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September 26th marks the start of National Teach Spanish Week, a celebration of Spanish teachers sponsored by the American Association of Teachers of Spanish and Portuguese (AATSP), which also serves to raise awareness of the importance of Spanish in schools and to recruit teachers.
I want to celebrate this week by remembering my first Spanish teacher, Sister Judith Murphy at Saint Scholastica High School in Chicago. In the mid 1970s, long before the term HL learner existed, Sister Judith understood that I was different from other students and laid out a specialized course of study for me. I can still recall that very first day of high school when she pulled me aside and told me that I would not spend my freshman year conjugating verbs in Spanish 1, or even Spanish 2. Instead, she would work with me to develop my reading and writing skills so that I could take advanced culture and literature courses during my sophomore and junior years. Long before a pedagogy of HL teaching existed, Sister Judith Murphy already knew what to do: she saw me for who I was, embraced my strengths, and tended to my needs with “cariño” and "respeto".
My route to becoming a Spanish teacher was long and circuitous and included detours such as a Math and Computer Science major at Loyola University of Chicago with a minor in Italian and French, followed by a Ph.D. in Linguistics at the University of Illinois at Urbana Champaign. Eventually, I became a professor at California State University, Long Beach, where I worked for thirty years. It was there, as I taught linguistics to hundreds of students such as myself – immigrant children who straddle two languages and cultures – that I found my way to teaching Spanish to bilingual Latinos and came to understand the transformative power of HL teachers.
Sister Judith Murphy embodies that power, as described by Professor Anna Mendoza in her blog:
Empowering teachers is necessary for empowering students. Teachers must understand and transform the possibilities inside and outside the classroom as active agents, in order to lead students to do the same.
I invite you all to celebrate this week by thanking a transformational language teacher – of Spanish or any language – that made you who you are today.
And let us know how this teacher empowered you by responding to this blog.
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What is the most important lesson you have learned in the past year on remote teaching?
When asked this question at a recent conference, Florencia Henshaw singled out the importance of creating a sense of community of learners. I couldn't agree more. In this entry I'd like to tell you about a framework and a particular application that have proven very useful to me in this regard. Though originally developed for the online environment, this framework and application can support community building and collaborative learning in face-to-face teaching, as well.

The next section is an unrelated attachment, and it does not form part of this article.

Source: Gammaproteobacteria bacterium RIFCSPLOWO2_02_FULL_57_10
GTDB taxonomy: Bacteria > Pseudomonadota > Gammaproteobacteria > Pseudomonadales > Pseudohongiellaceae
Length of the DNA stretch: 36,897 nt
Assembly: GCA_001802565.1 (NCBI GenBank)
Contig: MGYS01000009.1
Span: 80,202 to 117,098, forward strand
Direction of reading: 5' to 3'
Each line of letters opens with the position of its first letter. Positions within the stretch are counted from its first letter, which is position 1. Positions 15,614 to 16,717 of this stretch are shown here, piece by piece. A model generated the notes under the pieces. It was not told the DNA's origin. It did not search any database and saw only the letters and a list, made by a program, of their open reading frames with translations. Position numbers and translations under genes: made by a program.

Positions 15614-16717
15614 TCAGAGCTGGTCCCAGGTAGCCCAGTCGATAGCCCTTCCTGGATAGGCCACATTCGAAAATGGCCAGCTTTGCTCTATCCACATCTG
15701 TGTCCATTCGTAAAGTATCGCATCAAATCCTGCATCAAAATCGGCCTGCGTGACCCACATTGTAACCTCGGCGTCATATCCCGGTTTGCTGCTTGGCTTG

The framework: The Community of Inquiry
Developed for computer mediated communication by Randy Garrison, Terry Anderson, and Walter Archer, the Community of Inquiry (CoI) Framework (pictured above) identifies three essential elements in the educational experience. Cognitive presence is defined as "the extent to which the participants in any particular configuration of a community of inquiry are able to construct meaning through sustained communication" p. 89). Social presence is "the ability of participants in the Community of Inquiry to project their personal characteristics into the community, thereby presenting themselves to the other participants as `real people' (p. 89. Social presence supports collaboration, which is essential for there to be cognitive presence. The third element, teaching presence, pertains to the design and facilitation of the teaching experience, including content selection, activities, assessments, etc. This is function primarily the domain of the teacher, though learners can also play a role in this.
The application: Digital powerups
Travis Thruston describes this application and its connection to CoI as follows: Simply stated, digital powerups are keywords from Bloom’s taxonomy that are displayed as hashtags and associated with corresponding prompts in online discussions...At its core, CoI requires social interaction or the co-construction of knowledge which must be centered in a learning environment that encourages discourse and community building as a means of engaging students in an educational experience. Specifically, the digital powerups strategy was designed to empower students with both choice and voice which is an effective way to engage students in course activities.
Research shows that most discussion board prompts target the levels of "understanding" and "knowledge" in Bloom's Taxonomy. Digital powerups can help teachers formulate prompts at higher levels of the taxonomy, thereby leveling-up learners' cognitive and social presence, as well as use of language.
The digital powerups below are based on Sandra Cisnero's short story My Name. In my class, students can answer any combination of powerups that add up to seven points.
I would love to hear your ideas for how to use digital powerups to promote cognitive and social presence in HL and mixed classes. Also, be sure to share other insights and tips on remote teaching, or teaching in general, from your experiences this past year.